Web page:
1. The Companies (Directors’ Report) and Limited Liability Partnerships (Energy and Carbon Report) Regulations 2018 (“the 2018 Regulations”) implement the government’s policy on Streamlined Energy and Carbon Reporting (SECR). SECR Regulations apply to all large businesses (as defined in the Companies Act), Limited Liability Partnerships and quoted companies. The definition of “large” is the same as applies in the existing framework for annual accounts and reports, based on sections 465 and 466 of the Companies Act 2006. The qualifying conditions are met by a company or LLP in a year in which it satisfies two or more of the following requirements:

• Turnover £36 million or more

• Balance sheet total £18 million or more

• Number of employees 250 or more

If applicable, companies must publicly report their carbon footprint for the first financial year that starts on or after 1st April 2019, and each subsequent year.

2. If the organisation has well maintained equipment, there could be zero f-gas leakage, but it is recommended that you make reference to this zero figure. It is recommended that organisations complete a check against asset lists (e.g. check catering, archives, and data centres too). Contractors should provide maintenance records which record top-up values. Check for disposal records (e.g. for old units) and confirm what has happened to the gas in these units.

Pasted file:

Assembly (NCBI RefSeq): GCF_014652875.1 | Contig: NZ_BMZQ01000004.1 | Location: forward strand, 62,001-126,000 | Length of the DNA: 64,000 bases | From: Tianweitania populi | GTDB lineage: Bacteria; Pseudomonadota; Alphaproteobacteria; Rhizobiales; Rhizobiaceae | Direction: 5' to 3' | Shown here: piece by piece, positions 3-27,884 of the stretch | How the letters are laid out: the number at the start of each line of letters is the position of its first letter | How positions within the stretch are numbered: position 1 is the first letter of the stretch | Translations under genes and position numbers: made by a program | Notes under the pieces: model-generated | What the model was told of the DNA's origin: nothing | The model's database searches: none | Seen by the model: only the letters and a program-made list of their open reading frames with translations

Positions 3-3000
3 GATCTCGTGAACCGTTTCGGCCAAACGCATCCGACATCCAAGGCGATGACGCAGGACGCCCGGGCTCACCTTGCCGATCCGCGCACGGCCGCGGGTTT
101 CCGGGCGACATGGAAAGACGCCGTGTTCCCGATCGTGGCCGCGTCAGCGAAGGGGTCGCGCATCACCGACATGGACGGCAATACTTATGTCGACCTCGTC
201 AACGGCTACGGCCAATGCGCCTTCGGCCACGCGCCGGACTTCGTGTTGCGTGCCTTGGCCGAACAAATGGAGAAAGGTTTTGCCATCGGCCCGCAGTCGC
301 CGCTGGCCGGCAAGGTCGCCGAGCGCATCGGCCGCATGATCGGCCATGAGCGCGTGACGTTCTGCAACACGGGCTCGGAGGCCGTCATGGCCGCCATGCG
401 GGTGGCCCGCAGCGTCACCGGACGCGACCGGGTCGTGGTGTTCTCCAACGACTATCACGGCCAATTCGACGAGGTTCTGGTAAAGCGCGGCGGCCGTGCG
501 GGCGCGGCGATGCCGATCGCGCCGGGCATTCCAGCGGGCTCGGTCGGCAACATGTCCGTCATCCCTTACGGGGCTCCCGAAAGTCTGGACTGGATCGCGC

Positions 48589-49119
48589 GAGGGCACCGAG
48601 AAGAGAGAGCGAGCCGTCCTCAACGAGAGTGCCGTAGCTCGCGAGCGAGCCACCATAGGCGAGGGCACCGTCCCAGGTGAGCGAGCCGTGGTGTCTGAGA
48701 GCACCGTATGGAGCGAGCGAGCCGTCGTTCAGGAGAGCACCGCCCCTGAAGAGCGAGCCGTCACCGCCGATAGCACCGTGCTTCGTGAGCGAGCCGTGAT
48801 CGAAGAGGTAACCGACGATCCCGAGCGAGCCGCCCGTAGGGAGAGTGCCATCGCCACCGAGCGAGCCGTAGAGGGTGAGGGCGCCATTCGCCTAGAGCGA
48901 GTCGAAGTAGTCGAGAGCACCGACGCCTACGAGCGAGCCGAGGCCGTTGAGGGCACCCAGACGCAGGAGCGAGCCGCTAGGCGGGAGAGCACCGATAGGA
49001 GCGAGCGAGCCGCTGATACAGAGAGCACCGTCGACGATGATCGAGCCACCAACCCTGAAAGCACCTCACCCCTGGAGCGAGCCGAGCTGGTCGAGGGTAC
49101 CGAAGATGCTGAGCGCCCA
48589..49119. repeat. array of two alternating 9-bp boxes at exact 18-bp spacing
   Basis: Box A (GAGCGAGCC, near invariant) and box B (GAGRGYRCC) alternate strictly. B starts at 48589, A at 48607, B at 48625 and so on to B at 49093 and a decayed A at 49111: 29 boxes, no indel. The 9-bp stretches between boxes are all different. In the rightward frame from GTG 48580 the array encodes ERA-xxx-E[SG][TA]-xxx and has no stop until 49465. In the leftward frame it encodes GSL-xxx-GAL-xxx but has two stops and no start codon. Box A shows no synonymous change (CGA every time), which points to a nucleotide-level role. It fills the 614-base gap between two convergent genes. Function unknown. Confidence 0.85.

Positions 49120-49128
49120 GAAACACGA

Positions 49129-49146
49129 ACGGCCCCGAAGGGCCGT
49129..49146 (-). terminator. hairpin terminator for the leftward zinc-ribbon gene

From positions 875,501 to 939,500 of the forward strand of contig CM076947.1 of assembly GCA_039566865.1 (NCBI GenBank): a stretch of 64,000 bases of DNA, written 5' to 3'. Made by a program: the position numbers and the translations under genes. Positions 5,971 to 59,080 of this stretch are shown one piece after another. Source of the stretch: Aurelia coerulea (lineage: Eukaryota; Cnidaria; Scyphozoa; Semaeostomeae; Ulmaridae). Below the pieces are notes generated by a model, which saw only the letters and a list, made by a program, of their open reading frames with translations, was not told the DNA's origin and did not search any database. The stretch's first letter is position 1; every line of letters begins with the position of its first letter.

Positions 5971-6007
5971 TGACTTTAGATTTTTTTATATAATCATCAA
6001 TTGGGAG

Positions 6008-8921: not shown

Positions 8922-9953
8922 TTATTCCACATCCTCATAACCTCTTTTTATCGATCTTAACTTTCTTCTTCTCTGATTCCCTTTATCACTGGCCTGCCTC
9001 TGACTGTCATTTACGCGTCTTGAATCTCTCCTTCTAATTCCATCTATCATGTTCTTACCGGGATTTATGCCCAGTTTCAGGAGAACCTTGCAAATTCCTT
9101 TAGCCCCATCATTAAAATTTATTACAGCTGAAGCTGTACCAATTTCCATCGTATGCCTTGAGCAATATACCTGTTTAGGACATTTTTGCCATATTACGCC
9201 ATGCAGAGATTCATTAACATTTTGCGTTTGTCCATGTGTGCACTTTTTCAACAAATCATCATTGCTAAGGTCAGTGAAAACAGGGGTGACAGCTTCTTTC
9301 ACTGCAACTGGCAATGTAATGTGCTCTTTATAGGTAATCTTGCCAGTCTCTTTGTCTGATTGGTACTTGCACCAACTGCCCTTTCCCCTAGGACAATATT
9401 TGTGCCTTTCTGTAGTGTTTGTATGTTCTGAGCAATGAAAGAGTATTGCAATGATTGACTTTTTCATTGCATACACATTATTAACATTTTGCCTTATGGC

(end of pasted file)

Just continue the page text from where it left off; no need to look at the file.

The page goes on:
3. Transmission and distribution (T&D) factors account for losses associated with the national grid.

4. Radiative forcing is a measure of the additional environmental impact of aviation. These include emissions of nitrous oxides and water vapour when emitted at high altitude. The UK government advises that organisations should include the influence of radiative forcing RF in air travel emissions to capture the maximum climate impact of their travel habits.